Three Poems

Nate Maxson


Infrared sound is just the slight unveiling

When you’re young you never notice

The airplane overhead, so commonplace

You don’t notice

The water parting,

The white mirror

When I was slightly more naive than now

I would walk barefoot through the poison ivy

And have no reaction

The modest miracle

Humming my disappearance into the maples and the rain


Inside Joke

What wind is this?

Each wind has a name and I want to know this one’s name

Walking with me through February, Santa Fe: and it comes up on me like a television signal: the ghost of punchlines forgotten but I can hear the laughtrack

My little joke

All grown up

Eclipsed like the closed folds of morning glories

Black seeds hidden with pesticide and cold

I could have been a clown, encased in ice: the children would have loved me

But I’ve seen the light go out of the machinery too often

Become too aware of the repetition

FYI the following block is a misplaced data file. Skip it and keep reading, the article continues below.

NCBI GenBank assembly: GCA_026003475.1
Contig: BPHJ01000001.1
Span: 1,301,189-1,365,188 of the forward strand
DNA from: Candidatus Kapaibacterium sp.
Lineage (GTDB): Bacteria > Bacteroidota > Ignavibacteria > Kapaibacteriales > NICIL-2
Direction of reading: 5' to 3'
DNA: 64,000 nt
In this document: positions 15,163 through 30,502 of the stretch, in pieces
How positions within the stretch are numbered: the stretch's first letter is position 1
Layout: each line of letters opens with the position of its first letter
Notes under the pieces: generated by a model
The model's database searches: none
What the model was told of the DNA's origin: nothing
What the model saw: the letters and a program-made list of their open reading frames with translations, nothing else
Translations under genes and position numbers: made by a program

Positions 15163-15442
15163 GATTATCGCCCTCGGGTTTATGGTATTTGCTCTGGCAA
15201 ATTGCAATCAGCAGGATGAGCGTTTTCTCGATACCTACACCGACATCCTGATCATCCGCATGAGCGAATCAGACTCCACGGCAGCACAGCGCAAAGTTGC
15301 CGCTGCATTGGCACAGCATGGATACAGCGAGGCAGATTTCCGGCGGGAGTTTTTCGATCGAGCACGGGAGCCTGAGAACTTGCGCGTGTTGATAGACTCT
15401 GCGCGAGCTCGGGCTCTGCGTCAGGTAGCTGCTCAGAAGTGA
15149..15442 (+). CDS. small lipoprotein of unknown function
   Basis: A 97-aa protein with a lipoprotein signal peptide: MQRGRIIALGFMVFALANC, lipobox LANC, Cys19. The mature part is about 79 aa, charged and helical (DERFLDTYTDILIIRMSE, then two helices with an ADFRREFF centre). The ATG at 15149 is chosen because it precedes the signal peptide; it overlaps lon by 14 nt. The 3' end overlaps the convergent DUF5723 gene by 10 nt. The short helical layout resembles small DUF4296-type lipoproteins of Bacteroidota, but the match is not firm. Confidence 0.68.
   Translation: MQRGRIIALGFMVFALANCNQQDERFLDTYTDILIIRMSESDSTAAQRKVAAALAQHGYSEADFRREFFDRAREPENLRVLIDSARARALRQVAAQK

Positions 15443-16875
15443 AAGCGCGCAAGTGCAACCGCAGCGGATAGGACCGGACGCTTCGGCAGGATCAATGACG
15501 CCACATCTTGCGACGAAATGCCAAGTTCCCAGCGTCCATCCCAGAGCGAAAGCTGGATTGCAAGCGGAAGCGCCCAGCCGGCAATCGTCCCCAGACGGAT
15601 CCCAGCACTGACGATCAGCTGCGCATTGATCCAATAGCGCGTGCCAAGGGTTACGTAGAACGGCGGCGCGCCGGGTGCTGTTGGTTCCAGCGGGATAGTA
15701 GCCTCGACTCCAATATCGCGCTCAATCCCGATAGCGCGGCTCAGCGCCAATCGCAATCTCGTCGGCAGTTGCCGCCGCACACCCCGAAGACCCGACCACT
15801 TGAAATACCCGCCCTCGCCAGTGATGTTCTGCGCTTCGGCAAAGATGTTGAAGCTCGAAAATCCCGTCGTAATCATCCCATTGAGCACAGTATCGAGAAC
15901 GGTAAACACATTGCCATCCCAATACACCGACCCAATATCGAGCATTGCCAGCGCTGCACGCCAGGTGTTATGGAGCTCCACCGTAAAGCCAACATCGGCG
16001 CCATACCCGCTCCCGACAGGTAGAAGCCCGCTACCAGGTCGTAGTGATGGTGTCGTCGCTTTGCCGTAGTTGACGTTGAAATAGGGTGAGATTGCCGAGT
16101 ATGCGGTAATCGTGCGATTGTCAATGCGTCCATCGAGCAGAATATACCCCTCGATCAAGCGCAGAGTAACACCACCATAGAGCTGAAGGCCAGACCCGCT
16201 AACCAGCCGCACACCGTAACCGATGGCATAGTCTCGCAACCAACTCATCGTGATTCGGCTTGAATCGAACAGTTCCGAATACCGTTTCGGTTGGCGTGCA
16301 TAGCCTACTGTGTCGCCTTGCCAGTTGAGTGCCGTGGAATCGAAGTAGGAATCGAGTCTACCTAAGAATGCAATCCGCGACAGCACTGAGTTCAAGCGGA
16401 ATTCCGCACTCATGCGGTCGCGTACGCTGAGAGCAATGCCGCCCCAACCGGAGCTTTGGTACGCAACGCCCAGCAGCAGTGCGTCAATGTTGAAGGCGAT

And not watched enough sunsets to fill my spirit with a high gloss magazine joy

Swallowing motion


What wind?

What east?

Perhaps I should have drank more deeply when the furnace offered


Garden/ Attempt

The sharpened root reaching through sand


Is a manifestation of time


In the long term, it moves with the gravity of the soil: like a caul

The roots inhale

What they can


Nate Maxson is a writer and performance artist. He is the author of several collections of poetry including ‘The Whisper Gallery’ and ‘The Age Of Jive’. He lives in Santa Fe, New Mexico.

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